Life, Parenting

Foam or Fury?

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In my neck of the woods, we parents of school-age kids have just suffered through enjoyed Spring Break.  I’ve therefore been out in public more with my brood and had the opportunity to observe others who are similarly emerging from their winter hibernation with their offspring.

In doing so, I’ve noticed that there is a spectrum in terms of the input we offer our kids, and this spectrum could be compared to the earth’s layers – strata ranging from the foamy bubbles atop a pond way down to the boiling lava in our planet’s core…

On the top layer, we have what I’d call the ‘bubble parents’.  These are the ones on the sidelines watching their kids budge ahead in the science centre queue, saying ineffectual things like, “Oh, Rosie – there was a lineup!” while taking no action whatsoever.  The ones allowing their kids to hit them to get their attention without any instruction on how to do better. The ones whose kids’ demands dictate their every move. This is very much the lightweight approach to parenting; fluffy and fun with no firmness or gravity or depth.  Discipline and guidance are pretty much non-existent and misbehaviour doesn’t seem to bother them.  They don’t offer reminders for their kids to use ‘please’ and ‘thank you’ or other thoughtful words. The classic line from these parents is, “Oh, boys will be boys!” as their boys are hitting and yelling, destroying property and disrupting the play of others.  Their classic move is the shrug.

Way on the other end of the spectrum are the ‘lava parents’; these guys are the complete opposite to ‘bubble’ parents because for them everything matters, and it matters a lot.  In fact, most of their kids’ behaviour seems intolerable to them.  The classic reaction of these parents is to blow up and overreact; they dish out big consequences for even the most trivial of misdemeanors.  The classic move is the eye-roll-exasperated-sigh combo (often with a complementary crossed-arm-fold thrown in for good measure).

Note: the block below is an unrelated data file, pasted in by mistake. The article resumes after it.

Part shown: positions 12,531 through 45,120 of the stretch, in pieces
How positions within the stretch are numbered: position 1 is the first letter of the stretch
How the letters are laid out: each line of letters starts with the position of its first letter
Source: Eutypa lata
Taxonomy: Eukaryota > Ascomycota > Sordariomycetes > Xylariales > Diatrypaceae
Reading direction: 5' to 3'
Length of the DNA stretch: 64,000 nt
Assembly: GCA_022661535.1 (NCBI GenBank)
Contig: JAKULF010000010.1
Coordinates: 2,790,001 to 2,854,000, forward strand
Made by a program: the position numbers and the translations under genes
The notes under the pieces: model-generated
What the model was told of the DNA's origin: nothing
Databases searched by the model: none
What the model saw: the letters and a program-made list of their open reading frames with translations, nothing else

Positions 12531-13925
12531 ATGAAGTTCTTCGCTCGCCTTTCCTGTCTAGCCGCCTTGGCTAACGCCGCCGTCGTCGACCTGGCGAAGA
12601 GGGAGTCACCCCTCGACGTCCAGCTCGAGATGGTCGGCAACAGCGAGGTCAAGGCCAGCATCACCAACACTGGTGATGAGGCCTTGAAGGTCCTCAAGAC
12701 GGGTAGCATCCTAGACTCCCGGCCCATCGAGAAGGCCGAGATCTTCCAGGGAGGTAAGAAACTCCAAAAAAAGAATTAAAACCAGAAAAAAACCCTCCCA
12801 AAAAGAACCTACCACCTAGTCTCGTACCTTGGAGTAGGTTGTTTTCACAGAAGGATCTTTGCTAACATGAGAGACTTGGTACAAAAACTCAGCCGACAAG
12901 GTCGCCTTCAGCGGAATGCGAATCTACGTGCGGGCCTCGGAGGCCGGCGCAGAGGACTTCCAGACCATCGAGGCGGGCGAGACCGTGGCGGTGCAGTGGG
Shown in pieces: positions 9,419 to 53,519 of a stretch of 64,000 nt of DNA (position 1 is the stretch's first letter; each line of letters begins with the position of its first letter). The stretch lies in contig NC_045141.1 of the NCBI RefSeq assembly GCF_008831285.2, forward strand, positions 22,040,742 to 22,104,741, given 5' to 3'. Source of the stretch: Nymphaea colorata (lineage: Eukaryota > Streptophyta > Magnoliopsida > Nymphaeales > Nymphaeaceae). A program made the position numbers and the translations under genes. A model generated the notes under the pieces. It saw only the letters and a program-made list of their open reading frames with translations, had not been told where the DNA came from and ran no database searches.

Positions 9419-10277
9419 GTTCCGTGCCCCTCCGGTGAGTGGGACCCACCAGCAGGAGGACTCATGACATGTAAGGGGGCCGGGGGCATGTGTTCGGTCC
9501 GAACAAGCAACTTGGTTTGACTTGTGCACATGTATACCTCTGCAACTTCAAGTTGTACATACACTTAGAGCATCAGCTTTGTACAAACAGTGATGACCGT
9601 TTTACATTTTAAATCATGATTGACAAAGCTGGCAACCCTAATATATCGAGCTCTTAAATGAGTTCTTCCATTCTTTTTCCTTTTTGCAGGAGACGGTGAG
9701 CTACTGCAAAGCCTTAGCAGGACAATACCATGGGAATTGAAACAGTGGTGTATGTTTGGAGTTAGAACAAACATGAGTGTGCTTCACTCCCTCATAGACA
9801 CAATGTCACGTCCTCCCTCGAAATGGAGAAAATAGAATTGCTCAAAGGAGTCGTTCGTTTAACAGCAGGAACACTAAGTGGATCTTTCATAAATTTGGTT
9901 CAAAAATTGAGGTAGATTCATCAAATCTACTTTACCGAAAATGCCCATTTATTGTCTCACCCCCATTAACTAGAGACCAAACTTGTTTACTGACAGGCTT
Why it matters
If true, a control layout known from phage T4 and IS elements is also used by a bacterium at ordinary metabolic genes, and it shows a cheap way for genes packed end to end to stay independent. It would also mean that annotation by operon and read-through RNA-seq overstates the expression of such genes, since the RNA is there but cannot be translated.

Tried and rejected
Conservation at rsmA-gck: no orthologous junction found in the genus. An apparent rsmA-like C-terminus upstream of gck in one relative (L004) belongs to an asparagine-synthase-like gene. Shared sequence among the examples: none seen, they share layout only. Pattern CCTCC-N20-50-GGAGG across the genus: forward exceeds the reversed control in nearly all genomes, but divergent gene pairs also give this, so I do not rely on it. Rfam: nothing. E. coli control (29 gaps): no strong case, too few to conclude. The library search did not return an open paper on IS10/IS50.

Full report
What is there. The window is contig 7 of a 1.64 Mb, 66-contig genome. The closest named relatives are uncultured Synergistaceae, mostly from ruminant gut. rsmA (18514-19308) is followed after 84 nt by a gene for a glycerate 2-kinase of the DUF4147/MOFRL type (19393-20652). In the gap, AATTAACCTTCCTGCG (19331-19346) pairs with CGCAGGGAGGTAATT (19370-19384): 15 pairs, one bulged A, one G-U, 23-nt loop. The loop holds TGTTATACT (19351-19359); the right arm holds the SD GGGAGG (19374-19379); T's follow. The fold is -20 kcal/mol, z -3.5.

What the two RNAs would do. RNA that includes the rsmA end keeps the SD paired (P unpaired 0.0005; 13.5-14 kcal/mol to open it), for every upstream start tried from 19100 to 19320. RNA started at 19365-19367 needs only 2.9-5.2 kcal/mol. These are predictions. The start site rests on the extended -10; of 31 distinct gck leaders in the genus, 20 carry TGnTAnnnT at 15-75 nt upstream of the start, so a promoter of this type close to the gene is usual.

These parental temperaments/behaviours are not the exception for true ‘bubble’ parents and their ‘lava’ counterparts; they are the norm.  While you or I might occasionally exhibit something like a ‘bubble’ shrug or ignore some behaviour in order to ensure that we’re not ‘sweating the small stuff’, this is not considered, intentional behaviour for real bubble parents – it is their default, and it is often borne of ignorance about the necessity of teaching and modeling responsible behaviour and consideration for others.  Similarly, lava parents default to the kind of angry outbursts you or I would be embarrassed about and remorseful over.  They simmer with resentment and rage and behave as if their kids are devoid of charm or worth.

I’d say that most of us fall in layers somewhere in between these extremes.  And I believe that there’s plenty of room for different parenting styles.  Earthy parents, gritty parents, rocky parents (oh, to be so cool!), even flaky parents – we’re all different and we all have reasons for why we parent the way we do; some of those reasons (and the resulting actions) are good and some of them are bad.  I yell too much – and I’d definitely be further along on the spectrum towards ‘lava’ parenting – but I will continue to take great pains to avoid allowing this kind of overreaction and anger to my boys’ behaviour to be my standard response*.

All I’m saying is, if we find that our parenting default setting has become I just couldn’t be bothered or everything my kids do bugs me, then perhaps some action is in order.

Maybe if our default is either foam or fury, we should do some digging – and find some middle ground.

 

 

 

 

*As I’ve admitted, I do yell too much.  So I’ve been doing some digging…  I have decided to take the Orange Rhino challenge and work towards a more peaceful approach.  Recently, at a Mums’ group, I admitted that I’d never allow Westley to speak to me the way I sometimes speak to my kids; so the logical conclusion to that is that I should not be speaking to my kids in a way that isn’t equally respectful and honouring to them.

If you’re struggling with the same thing, why don’t you join me on the challenge, and we can keep one another accountable?

I’m starting with a ten day goal, to be extended as I get better at it!

Thanks for reading,

-Trix.

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